What direction is that? Who knows? Yes, it points always to the north.

The needle is a magnet, and magnets like to point to the north when they are free to swing. And a very useful habit it is, because by using magnets like this one we have in our compass, sailors, travellers and airmen are able to find their way about in strange places, when the sun and the stars are hidden.

Perhaps you would like to know a little more about magnets. Your teacher has a large horseshoe magnet. What will it do?

It will attract to itself things made of iron or steel. Put a sewing-needle near the magnet and see it jump eagerly to the magnet and stick there even when held up in the air! Try a steel knitting-needle. That will be firmly held by the magnet too. Look at it holding it to itself. Try to pull it away. Do you feel the magnet pulling at the needle, almost as if it were alive?

Now look what a queer thing has happened? The knitting-needle is attracting our little needles. It has become a magnet too. See how the small needles are hanging on to the knitting-needle, which is, in turn, being held by the magnet!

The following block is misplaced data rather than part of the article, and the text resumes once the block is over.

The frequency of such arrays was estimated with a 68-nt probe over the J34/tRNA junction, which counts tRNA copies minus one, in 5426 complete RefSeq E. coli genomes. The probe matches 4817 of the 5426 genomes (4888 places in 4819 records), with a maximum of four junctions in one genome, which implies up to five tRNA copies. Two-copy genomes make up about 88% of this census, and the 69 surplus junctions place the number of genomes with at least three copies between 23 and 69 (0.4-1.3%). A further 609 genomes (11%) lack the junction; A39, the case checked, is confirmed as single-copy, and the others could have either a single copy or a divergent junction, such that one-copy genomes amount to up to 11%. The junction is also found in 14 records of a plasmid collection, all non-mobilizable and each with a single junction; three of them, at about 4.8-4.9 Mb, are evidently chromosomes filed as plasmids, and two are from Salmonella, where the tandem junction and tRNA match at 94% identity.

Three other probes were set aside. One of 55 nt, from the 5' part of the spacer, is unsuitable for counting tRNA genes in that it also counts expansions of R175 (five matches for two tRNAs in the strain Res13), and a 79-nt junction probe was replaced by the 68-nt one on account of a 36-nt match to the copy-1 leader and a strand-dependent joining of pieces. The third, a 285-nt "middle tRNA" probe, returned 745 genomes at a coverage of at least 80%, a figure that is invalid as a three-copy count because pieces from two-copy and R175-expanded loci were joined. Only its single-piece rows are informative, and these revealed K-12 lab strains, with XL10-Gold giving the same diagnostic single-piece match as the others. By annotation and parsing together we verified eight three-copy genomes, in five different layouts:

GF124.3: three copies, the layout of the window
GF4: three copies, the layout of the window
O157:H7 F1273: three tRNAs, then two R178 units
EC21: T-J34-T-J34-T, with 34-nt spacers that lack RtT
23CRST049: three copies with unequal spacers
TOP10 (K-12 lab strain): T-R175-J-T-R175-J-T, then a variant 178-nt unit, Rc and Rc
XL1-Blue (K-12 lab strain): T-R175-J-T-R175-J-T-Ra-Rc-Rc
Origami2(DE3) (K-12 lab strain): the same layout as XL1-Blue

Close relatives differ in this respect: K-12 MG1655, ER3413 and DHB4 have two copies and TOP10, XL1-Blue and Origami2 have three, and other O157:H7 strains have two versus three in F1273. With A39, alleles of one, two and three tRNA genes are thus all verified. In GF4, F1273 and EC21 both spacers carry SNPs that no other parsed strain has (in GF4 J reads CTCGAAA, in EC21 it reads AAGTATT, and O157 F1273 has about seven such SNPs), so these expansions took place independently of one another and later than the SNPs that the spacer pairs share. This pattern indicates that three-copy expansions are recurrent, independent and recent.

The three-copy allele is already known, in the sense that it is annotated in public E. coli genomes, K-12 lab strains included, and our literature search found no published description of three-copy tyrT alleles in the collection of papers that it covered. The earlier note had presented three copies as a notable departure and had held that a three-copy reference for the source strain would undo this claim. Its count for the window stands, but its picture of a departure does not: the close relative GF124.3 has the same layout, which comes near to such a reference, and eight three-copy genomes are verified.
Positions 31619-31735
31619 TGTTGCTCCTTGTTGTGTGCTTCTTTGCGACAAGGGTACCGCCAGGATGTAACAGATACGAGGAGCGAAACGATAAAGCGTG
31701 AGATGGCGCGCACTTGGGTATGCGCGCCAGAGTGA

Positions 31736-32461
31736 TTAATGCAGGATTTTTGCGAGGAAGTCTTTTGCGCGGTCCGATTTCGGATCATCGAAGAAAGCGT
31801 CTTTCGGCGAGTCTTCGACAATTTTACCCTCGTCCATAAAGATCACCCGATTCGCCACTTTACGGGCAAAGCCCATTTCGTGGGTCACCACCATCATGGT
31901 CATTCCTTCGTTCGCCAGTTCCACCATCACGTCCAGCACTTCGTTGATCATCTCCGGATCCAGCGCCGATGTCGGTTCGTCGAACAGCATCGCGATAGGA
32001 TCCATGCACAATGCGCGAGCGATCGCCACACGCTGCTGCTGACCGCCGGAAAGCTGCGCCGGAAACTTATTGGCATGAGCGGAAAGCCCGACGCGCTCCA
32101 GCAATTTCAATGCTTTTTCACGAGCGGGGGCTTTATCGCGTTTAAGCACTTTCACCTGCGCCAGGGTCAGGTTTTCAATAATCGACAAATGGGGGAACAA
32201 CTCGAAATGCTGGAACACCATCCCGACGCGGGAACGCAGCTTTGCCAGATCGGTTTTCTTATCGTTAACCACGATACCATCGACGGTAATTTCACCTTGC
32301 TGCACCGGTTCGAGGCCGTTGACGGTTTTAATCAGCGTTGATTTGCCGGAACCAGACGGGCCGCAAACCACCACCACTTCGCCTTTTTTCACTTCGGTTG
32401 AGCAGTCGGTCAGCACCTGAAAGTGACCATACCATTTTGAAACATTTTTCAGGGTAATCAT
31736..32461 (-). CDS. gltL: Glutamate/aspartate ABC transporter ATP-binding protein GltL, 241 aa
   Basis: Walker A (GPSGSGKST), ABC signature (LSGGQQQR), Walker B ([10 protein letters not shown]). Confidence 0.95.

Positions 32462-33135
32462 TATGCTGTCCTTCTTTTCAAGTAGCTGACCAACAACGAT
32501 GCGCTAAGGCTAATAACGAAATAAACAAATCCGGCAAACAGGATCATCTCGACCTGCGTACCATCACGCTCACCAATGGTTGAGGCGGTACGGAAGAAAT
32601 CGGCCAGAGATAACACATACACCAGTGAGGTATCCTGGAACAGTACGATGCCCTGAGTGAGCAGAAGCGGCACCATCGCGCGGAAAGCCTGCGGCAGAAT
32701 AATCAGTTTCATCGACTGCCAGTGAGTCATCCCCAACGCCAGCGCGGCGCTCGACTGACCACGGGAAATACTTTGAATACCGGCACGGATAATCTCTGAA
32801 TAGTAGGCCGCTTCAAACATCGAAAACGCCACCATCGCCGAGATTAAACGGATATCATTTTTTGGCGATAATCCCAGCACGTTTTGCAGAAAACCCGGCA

Try other things with the magnet. Does it attract your penknives? What about the sewing-scissors? Try it with brass drawing-pins. How disappointing! It takes no notice of them at all. They are not made of iron or steel, you see.

Look at the little needles hanging on to the magnet. They are magnetised now. Rub the magnet over a needle (stroke it several times, always in the same direction), thus making it into a little magnet itself. If you could put it into your compass, instead of the needle that is there now, you would find that your little needle would act like the compass needle—it would swing round to the north, and point there!